Surreal Disneyland Landscapes Photographed by Thomas Struth

Düsseldorf-based photographer Thomas Struth examines the industry of fantasy with his photographs of Disneyland in Anaheim, California. Beautiful and otherworldly, Struth’s Disneyland is even more surreal than normal. His depiction of the self-proclaimed “Happiest Place on Earth” is sterile and devoid of the usually omnipresent crowds, revealing this iconic site of constructed fantasy as quite the peculiar place.

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REMEMBER EVERYTHING: 40 Years Galerie Max Hetzler. The gallery presents an exhibition featuring recent works by Darren Almond, Glenn Brown, André Butzer, Rineke Dijkstra, Günther Förg, Mona Hatoum, Jeff Koons, Vera Lutter, Marepe, Beatriz Milhazes, Ernesto Neto, Frank Nitsche, Albert Oehlen, Yves Oppenheim, Richard Phillips, Michael Raedecker, Bridget Riley, Thomas Struth, Rebecca Warren, Christopher Wool and Toby Ziegler.

Thomas StruthThe Restorers at San Lorenzo Maggiore, Naples, 1988. Chromogenic print

From the Metropolitan Museum of Art, NYC:

The working method Struth devised for The Restorers, one of his first portraits, would become his standard procedure: photographing only subjects he could get to know over an extended period and collaborate with on how they wished to be seen. He also decided to focus on couples or groups defined by a shared history—often familial—or a communality of purpose, as with this portrait of four art restorers he befriended in Naples.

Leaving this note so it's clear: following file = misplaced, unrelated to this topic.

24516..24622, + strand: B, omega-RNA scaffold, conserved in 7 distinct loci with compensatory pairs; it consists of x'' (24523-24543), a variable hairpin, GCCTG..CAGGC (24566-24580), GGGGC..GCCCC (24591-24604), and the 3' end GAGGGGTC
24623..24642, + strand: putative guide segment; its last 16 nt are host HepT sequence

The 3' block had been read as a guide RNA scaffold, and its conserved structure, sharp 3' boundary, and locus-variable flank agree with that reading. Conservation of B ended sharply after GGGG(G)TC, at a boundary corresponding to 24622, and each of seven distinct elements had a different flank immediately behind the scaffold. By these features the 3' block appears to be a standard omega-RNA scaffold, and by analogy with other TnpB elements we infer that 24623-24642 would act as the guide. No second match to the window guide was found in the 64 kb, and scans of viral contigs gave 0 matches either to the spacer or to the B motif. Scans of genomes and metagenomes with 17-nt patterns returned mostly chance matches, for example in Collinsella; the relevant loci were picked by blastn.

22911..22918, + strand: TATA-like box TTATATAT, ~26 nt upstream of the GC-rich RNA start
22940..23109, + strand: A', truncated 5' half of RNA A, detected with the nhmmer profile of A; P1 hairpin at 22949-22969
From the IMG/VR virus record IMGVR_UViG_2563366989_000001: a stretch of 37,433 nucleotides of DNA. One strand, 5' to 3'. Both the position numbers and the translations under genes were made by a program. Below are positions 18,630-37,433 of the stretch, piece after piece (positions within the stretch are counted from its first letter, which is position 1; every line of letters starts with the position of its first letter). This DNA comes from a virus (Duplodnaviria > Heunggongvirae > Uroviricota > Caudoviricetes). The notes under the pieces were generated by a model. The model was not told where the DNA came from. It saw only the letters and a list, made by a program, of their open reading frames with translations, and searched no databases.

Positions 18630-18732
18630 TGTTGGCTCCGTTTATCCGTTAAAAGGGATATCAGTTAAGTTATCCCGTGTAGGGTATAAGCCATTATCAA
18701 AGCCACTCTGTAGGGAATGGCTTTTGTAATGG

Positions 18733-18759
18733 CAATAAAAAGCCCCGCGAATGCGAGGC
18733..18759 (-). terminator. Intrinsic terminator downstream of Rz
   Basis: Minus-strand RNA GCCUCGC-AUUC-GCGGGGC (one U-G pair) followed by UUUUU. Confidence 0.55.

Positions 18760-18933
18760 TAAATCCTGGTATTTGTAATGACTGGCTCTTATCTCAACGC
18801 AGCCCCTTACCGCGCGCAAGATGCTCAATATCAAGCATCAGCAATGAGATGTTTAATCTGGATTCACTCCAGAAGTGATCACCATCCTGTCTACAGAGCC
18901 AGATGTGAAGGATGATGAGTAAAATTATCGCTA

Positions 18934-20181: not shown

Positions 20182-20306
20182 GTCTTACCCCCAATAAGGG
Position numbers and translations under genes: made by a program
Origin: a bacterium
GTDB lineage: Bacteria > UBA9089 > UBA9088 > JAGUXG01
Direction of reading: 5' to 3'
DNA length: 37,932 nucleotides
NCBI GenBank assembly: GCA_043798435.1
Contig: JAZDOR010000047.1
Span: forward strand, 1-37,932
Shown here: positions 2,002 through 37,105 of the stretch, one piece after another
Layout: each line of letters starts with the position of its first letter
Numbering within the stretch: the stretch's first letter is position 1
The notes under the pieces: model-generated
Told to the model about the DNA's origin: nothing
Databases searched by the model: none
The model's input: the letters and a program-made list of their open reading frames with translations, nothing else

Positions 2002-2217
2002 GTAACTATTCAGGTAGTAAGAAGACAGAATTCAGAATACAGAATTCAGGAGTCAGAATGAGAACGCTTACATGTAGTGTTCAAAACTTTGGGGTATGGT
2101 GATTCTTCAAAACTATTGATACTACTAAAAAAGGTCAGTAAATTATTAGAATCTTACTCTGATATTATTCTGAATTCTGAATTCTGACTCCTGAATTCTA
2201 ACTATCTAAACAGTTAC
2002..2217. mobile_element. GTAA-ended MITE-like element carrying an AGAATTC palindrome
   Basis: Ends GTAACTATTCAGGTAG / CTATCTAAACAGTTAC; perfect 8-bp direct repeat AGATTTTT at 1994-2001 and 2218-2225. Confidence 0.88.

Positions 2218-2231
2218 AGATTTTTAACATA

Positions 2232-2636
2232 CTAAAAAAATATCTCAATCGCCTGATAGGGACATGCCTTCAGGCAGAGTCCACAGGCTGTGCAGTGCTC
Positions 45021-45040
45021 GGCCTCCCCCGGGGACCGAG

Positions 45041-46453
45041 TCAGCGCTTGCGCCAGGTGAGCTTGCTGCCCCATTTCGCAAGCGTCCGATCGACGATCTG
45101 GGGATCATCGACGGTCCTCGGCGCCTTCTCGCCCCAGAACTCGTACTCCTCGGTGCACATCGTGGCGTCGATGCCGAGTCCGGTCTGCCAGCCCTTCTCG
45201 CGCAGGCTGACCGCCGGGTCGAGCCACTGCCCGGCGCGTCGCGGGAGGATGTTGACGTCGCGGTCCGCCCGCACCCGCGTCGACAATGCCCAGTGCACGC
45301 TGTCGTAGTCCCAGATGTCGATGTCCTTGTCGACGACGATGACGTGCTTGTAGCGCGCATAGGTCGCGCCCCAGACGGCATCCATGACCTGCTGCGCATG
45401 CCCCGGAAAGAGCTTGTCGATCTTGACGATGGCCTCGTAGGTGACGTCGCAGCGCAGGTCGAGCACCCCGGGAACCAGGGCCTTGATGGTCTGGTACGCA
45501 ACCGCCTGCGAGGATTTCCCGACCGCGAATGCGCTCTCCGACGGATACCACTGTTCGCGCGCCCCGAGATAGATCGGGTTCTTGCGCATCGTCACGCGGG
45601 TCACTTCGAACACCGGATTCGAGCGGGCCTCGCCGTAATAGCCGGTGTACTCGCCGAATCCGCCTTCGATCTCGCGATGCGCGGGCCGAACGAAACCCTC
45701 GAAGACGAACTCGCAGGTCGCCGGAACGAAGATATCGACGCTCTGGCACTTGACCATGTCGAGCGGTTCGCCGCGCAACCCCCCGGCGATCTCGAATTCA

The setting they chose was the restorers’ current work place—the former refectory of a church then being used as a staging area for paintings from the surrounding area that had been damaged in a recent earthquake. The almost hypnotic effect achieved in this picture is due not only to the artist’s intimacy with his subjects and their own understanding of his aims but also to his technical choices. Struth uses a large-format view camera on a tripod, which, with its oversize negatives and slow exposure time allows for a tremendous amount of detail, and the shallow depth of field subtly pushes the four figures into the space of the viewer.